For the past couple of months, you’ve probably noticed a little extra money in your paycheck. Those extra few dollars are thanks to the Making Work Pay Credit which was part of the American Recovery and Reinvestment Act of 2009 signed into law by President Obama in February.
While you’re no doubt grateful for the extra cash, you may be wondering exactly how this works. The Making Work Pay Credit is administered through a reduction in wage withholding and provides up to $400 per individual worker and $800 per working married couple. However, this credit phases out for individuals whose modified adjusted gross income (MAGI) exceeds $75,000 or $150,000 in the case of married couples filing jointly.
The amount of credit you receive will be reported on your 2009 income tax return, but it’s not taxable and you won’t have to pay it back if you received the correct amount. If, for some reason, you do not have taxes withheld this year, you can claim a lump sum credit on your 2009 return.
Since these changes will be made automatically through your withholding, most taxpayers can sit back and relax and enjoy the additional spending money. However, there are potential problems for some taxpayers and we don’t want you to be caught off-guard.
For instance, if you are claimed as a dependent on someone else’s return, you do not qualify for the Making Work Pay Credit. College students, in particular, need to be aware of this restriction. These taxpayers will have to return any credit paid to them — either through a payment to the IRS or through a reduced refund.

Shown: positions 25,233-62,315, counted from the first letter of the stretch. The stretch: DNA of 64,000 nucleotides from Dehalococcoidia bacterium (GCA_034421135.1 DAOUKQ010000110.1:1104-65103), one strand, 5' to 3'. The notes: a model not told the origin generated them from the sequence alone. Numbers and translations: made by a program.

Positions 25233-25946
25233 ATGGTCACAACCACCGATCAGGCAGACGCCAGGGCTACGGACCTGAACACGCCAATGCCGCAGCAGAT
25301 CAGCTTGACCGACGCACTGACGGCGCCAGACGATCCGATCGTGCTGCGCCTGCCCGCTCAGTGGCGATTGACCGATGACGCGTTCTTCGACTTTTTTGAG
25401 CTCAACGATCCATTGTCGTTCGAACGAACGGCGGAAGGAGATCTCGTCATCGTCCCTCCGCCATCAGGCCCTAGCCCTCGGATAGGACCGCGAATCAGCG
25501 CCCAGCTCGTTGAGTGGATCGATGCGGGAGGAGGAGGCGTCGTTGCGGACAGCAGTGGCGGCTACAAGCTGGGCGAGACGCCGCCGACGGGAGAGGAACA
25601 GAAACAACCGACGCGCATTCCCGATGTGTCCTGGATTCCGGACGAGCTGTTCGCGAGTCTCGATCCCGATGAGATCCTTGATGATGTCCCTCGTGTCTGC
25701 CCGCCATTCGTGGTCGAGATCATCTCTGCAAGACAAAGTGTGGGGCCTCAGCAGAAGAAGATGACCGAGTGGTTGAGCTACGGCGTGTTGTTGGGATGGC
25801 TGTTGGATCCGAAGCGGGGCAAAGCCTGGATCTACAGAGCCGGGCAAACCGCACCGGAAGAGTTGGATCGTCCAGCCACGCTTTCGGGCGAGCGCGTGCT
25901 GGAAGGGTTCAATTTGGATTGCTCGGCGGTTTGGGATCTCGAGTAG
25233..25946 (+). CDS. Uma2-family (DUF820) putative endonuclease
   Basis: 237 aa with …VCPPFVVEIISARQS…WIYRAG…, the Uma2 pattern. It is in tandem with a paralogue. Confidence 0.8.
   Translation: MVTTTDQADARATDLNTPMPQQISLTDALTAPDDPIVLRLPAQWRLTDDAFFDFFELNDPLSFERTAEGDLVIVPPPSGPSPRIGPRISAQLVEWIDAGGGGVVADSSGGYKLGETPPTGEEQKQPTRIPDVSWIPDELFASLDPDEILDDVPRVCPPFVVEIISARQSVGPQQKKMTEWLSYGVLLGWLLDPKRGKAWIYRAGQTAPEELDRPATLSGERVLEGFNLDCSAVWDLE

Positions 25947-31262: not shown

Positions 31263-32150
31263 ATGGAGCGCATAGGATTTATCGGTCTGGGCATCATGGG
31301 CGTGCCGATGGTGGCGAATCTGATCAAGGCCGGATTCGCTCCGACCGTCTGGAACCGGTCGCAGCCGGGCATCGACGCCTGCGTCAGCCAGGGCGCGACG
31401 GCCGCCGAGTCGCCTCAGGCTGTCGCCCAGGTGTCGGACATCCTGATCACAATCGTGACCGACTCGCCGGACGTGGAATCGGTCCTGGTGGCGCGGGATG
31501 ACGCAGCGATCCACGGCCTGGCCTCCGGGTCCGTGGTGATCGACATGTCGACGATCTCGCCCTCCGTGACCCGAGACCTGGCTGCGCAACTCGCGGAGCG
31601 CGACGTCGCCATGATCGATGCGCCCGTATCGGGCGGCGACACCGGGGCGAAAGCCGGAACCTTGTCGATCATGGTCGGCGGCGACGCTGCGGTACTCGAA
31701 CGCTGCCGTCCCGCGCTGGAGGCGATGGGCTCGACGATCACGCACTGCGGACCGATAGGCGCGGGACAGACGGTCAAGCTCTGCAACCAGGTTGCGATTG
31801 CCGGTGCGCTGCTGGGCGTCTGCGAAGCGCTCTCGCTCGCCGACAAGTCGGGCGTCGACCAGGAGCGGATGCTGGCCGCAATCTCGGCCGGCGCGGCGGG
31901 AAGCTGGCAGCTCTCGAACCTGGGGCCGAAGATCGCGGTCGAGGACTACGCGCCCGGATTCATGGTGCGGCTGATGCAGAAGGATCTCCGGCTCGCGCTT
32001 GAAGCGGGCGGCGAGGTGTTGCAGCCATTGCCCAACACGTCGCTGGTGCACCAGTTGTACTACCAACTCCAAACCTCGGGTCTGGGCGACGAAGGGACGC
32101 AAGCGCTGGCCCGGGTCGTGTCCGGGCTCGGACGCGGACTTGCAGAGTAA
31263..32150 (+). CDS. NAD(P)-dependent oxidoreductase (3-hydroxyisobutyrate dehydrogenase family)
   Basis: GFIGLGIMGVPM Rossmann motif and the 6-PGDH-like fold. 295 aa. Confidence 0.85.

Married couples who both work should also be very careful about “over withholding”. This can happen if each spouse’s employer makes the adjustment, but the couple’s combined income hits the phase out amount. If this is the case, make adjustments now so that you don’t have a problem next April. Either adjust your form W-4 or set money aside.
It’s also important to note that only individuals with earned income qualify for the Making Work Pay Credit. If you do not have earned income, you are not eligible for the credit.
To be sure that you don’t have any unpleasant surprises when you’re filing your 2009 tax return, it’s a good idea to take a look at your withholdings now. The few minutes it will take to do this could save you headaches down the road. Then, if you’re still concerned, make adjustments now or talk to your tax professional.
One more suggestion from the Lange team — if you are in a position to save rather than spend the credit, you may want to consider using that money towards covering the taxes on a Roth IRA conversion. Let’s take the example of a married couple in the 15% tax bracket. They qualify for both the Make Work Pay Credit and a Roth IRA conversion. Assuming they have IRAs, they could do a $5,000 Roth IRA conversion and use the $800 tax credit to pay the $750 of federal income taxes due on the conversion (with $50 left to treat themselves to dinner).